These are the responses of the 2016 Presidential candidates to the fourth of the twenty questions posed to them earlier.
I posted the responses to Question #1 at (concerning innovation) at “2016’s Top Presidential Science, Engineering, Tech, Health & Environmental Questions – Question 1”.
The responses to Question #2 (concerning research) are at “2016’s Top Presidential Science, Engineering, Tech, Health & Environmental Questions – Question 2″.
The responses to Question #3 (concerning climate change) are at “2016’s Top Presidential Science, Engineering, Tech, Health & Environmental Questions – Question 3″.
The responses to Question #4 (concerning biodiversity) are at “2016’s Top Presidential Science, Engineering, Tech, Health & Environmental Questions – Question 4″.
The responses to Question #5 (concerning the Internet) are at “2016’s Top Presidential Science, Engineering, Tech, Health & Environmental Questions – Question 5″.
The responses to Question #6 (concerning mental health) are at “2016’s Top Presidential Science, Engineering, Tech, Health & Environmental Questions – Question 6″.
The responses to Question #7 (concerning energy) are at “2016’s Top Presidential Science, Engineering, Tech, Health & Environmental Questions – Question 7″.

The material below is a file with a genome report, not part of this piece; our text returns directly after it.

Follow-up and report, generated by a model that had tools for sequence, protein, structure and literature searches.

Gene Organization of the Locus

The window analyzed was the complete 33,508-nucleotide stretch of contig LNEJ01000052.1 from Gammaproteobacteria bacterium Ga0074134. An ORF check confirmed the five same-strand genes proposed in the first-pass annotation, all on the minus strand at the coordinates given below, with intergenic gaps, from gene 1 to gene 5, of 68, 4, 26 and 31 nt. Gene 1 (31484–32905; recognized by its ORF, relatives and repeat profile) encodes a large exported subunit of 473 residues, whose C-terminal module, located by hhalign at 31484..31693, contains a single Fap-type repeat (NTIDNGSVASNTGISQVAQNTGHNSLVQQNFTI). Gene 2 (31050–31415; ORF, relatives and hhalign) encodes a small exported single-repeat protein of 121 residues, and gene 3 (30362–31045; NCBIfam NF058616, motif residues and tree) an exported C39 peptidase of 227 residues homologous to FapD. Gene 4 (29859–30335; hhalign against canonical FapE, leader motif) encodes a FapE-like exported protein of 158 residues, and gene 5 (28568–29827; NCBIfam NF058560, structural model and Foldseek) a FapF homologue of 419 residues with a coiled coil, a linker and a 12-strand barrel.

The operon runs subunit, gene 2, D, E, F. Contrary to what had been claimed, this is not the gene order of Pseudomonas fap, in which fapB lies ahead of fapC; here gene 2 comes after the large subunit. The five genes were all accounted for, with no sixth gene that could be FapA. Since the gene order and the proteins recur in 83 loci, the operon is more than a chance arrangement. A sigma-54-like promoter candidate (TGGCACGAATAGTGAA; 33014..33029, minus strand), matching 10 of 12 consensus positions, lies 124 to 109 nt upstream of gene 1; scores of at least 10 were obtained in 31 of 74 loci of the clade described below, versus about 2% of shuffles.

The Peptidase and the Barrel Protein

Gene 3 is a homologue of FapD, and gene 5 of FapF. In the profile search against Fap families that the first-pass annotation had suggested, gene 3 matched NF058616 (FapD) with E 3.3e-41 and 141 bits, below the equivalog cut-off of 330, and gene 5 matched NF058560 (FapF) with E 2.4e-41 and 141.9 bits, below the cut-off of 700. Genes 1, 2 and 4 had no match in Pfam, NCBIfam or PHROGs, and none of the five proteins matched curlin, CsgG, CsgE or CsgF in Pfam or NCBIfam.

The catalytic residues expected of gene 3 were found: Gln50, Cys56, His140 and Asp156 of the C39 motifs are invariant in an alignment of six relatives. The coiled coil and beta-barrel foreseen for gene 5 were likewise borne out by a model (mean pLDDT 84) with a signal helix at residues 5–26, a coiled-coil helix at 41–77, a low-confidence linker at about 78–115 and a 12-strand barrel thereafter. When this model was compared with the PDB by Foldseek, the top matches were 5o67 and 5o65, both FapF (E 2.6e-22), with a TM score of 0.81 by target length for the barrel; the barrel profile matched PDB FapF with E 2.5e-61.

The responses to Question #8 (concerning science and mathematics education) are at “2016’s Top Presidential Science, Engineering, Tech, Health & Environmental Questions – Question 8″.
The responses to Question #9 (concerning public health) are at “2016’s Top Presidential Science, Engineering, Tech, Health & Environmental Questions – Question 9″.
I hope that you will take the time to look at these responses and offer your own thoughts. My own thoughts and analysis are at the end of the post.
The long-term security of fresh water supplies is threatened by a dizzying array of aging infrastructure, aquifer depletion, pollution, and climate variability. Some American communities have lost access to water, affecting their viability and destroying home values. If you are elected, what steps will you take to ensure access to clean water for all Americans?
Hillary Clinton (D)
Chronic underinvestment in our nation’s drinking and wastewater systems has sickened and endangered Americans from Flint, Michigan, to Ohio and West Virginia. Outdated and inadequate wastewater systems discharge more than 900 billion gallons of untreated sewage a year, posing health risks to humans and wildlife life, disrupting ecosystems, and disproportionately impacting communities of color. In addition, many struggling communities around the United States have limited or no access to clean, safe water.
We will invest in infrastructure and work with states, municipalities, and the private sector to bring our water systems into the 21st century and provide all Americans access to clean, safe drinking water.